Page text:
sentence was premised on an explicit understanding of where petitioner
would serve her time." Plaintiffs' complaint does not allege that such explicit
limits were contained in the sentences imposed on plaintiffs.
Foster, 595 F.3d at 369.
The Court will grant Respondent's motion for summary judgment and deny the
petition for writ of habeas corpus with prejudice. The Court will also deny petitioner a
certificate of appealability. 28 U.S.C. § 2253(c)(1)(A) and F.R.A.P. 22(b) state that an
appeal from the district court's denial of a writ of habeas corpus may not be taken unless
a certificate of appealability (COA) is issued either by a circuit court or district court judge.
If an appeal is taken by an applicant for a writ of habeas corpus, the district court judge
shall either issue a certificate of appealability or state the reasons why a certificate of
appealability shall not issue. F.R.A.P. 22(b). To obtain a certificate of appealability, a
prisoner must make a substantial showing of the denial of a constitutional right. 28 U.S.C.
When a district court denies a habeas petition on procedural grounds without
reaching the prisoner's underlying constitutional claims, a certificate of appealability should
issue, and an appeal of the district court's order may be taken, if the petitioner shows that
jurists of reason would find it debatable whether the petitioner states a valid claim of the
denial of a constitutional right, and that jurists of reason would find it debatable whether the
district court was correct in its procedural ruling. Slack v. McDaniel, 529 U.S. 473, 484
(2000). When a plain procedural bar is present and the district court is correct to invoke
it to dispose of the case, a reasonable jurist could not conclude either that the district court
erred in dismissing the petition or that the petition should be allowed to proceed further.
In such a circumstance, no appeal would be warranted. Id. "The district court must issue
or deny a certificate of appealability when it enters a final order adverse to the applicant."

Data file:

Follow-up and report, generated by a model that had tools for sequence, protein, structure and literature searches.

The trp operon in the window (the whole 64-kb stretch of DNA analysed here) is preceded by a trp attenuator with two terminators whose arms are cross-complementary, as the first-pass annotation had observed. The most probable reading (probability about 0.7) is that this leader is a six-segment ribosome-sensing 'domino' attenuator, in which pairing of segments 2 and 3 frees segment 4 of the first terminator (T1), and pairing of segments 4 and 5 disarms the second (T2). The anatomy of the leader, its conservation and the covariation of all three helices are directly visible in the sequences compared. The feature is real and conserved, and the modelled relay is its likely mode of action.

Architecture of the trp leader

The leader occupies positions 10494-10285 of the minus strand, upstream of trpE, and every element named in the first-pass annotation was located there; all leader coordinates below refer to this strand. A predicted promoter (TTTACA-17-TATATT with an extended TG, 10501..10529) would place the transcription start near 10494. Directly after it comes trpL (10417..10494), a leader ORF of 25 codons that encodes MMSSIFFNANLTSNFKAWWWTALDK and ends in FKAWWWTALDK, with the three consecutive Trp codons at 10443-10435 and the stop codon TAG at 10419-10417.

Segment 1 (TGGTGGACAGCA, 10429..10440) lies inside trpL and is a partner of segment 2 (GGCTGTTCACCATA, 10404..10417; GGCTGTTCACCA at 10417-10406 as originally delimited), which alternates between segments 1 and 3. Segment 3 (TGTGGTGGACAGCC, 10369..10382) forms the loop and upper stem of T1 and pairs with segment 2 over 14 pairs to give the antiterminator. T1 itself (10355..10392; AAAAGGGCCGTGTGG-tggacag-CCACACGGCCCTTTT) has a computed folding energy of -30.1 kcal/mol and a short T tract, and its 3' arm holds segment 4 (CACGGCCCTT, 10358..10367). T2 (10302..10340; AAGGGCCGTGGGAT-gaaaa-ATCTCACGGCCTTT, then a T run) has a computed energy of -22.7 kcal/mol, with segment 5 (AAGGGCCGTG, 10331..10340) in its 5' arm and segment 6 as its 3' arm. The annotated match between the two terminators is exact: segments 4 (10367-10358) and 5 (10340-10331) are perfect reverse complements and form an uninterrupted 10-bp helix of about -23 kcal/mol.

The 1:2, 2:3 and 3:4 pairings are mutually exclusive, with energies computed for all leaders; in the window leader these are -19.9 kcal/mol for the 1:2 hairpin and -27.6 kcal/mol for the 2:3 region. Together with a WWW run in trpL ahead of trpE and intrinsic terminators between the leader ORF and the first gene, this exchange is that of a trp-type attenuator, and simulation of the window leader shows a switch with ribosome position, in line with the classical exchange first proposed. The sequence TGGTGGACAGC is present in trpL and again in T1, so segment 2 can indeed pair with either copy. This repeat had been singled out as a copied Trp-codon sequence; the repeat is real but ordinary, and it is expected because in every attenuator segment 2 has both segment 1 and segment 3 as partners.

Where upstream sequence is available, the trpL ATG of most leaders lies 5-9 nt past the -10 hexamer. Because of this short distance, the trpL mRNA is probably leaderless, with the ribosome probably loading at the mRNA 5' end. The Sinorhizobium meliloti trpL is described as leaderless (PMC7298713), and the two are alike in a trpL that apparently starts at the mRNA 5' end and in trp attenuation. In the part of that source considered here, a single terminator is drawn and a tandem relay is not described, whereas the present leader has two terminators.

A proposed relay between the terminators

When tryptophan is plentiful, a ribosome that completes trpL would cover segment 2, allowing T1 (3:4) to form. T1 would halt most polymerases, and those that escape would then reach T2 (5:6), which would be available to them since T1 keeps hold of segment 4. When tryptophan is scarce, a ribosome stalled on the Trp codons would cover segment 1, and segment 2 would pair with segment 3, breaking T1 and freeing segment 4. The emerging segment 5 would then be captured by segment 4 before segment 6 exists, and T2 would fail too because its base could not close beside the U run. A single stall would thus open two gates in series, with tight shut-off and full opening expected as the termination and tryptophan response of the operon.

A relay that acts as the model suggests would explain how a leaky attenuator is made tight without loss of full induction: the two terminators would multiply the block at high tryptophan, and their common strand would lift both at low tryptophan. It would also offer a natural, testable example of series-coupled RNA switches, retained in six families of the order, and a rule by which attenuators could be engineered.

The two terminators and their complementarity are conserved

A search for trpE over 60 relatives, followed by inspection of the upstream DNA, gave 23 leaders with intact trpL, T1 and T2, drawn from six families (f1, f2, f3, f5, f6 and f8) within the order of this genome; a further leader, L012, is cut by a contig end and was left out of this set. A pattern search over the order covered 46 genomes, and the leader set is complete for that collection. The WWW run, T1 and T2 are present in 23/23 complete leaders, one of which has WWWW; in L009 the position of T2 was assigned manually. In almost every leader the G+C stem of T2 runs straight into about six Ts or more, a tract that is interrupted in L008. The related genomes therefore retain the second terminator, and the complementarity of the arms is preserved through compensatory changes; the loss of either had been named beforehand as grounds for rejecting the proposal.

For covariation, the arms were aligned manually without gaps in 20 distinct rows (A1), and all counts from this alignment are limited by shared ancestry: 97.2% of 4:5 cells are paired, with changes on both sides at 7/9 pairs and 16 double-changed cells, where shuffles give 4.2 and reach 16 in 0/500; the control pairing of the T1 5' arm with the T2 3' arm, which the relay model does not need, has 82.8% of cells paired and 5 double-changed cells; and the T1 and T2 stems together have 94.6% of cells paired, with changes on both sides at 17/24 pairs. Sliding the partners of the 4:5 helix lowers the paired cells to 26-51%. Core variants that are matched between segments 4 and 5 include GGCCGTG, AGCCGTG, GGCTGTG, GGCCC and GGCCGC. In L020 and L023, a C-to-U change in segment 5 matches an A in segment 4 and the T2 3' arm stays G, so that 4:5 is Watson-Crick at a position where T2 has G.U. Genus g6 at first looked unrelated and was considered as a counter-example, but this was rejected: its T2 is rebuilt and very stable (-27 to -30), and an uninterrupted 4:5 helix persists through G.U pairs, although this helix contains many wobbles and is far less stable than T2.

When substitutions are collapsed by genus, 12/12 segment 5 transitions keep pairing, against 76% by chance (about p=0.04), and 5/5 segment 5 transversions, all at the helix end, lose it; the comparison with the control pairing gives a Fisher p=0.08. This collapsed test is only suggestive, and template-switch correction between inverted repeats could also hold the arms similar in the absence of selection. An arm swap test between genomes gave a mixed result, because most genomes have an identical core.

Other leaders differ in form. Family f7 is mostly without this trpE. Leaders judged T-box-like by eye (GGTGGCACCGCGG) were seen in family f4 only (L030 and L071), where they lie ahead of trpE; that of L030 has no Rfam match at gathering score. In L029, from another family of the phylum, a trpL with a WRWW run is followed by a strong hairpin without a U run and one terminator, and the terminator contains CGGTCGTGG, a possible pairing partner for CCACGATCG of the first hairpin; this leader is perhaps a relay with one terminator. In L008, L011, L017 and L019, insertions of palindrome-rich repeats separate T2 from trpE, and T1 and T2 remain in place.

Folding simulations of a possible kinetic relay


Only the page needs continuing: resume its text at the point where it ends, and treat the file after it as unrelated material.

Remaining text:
Rules Governing § 2254 Cases, Rule 11(a), 28 U.S.C. foll. § 2254; Strayhorn v. Booker,
718 F. Supp. 2d 846, 875 (E.D. Mich. 2010).
The Court will deny Petitioner a certificate of appealability, because reasonable
jurists would not find it debatable whether this Court was correct in determining that
Petitioner had filed his habeas petition outside of the one year limitations period. See
Grayson v. Grayson, 185 F. Supp. 2d 747, 753 (E.D. Mich. 2002). The Court will also deny
Petitioner leave to appeal in forma pauperis, because the appeal would be frivolous. See
Dell v. Straub, 194 F. Supp. 2d 629, 659 (E.D. Mich. 2002).
Based upon the foregoing, IT IS ORDERED that Respondent's motion for summary
judgment is GRANTED, and the Petition for a Writ of Habeas Corpus is DISMISSED WITH
IT IS FURTHER ORDERED that Petitioner's motion for guidance is DENIED.
IT IS FURTHER ORDERED that a Certificate of Appealability is DENIED.
IT IS FURTHER ORDERED that Petitioner will be DENIED leave to appeal in forma
s/Marianne O. Battani
HONORABLE MARIANNE O. BATTANI
UNITED STATES DISTRICT JUDGE
Dated: January 13, 2012
CERTIFICATE OF SERVICE
I hereby certify that on the above date a copy of this Opinion and Order was served
upon the Petitioner, Joseph Art Johnson, via ordinary U.S. Mail, and Counsel for the
Respondent, via the Court’s ECF System.
s/Bernadette M. Thebolt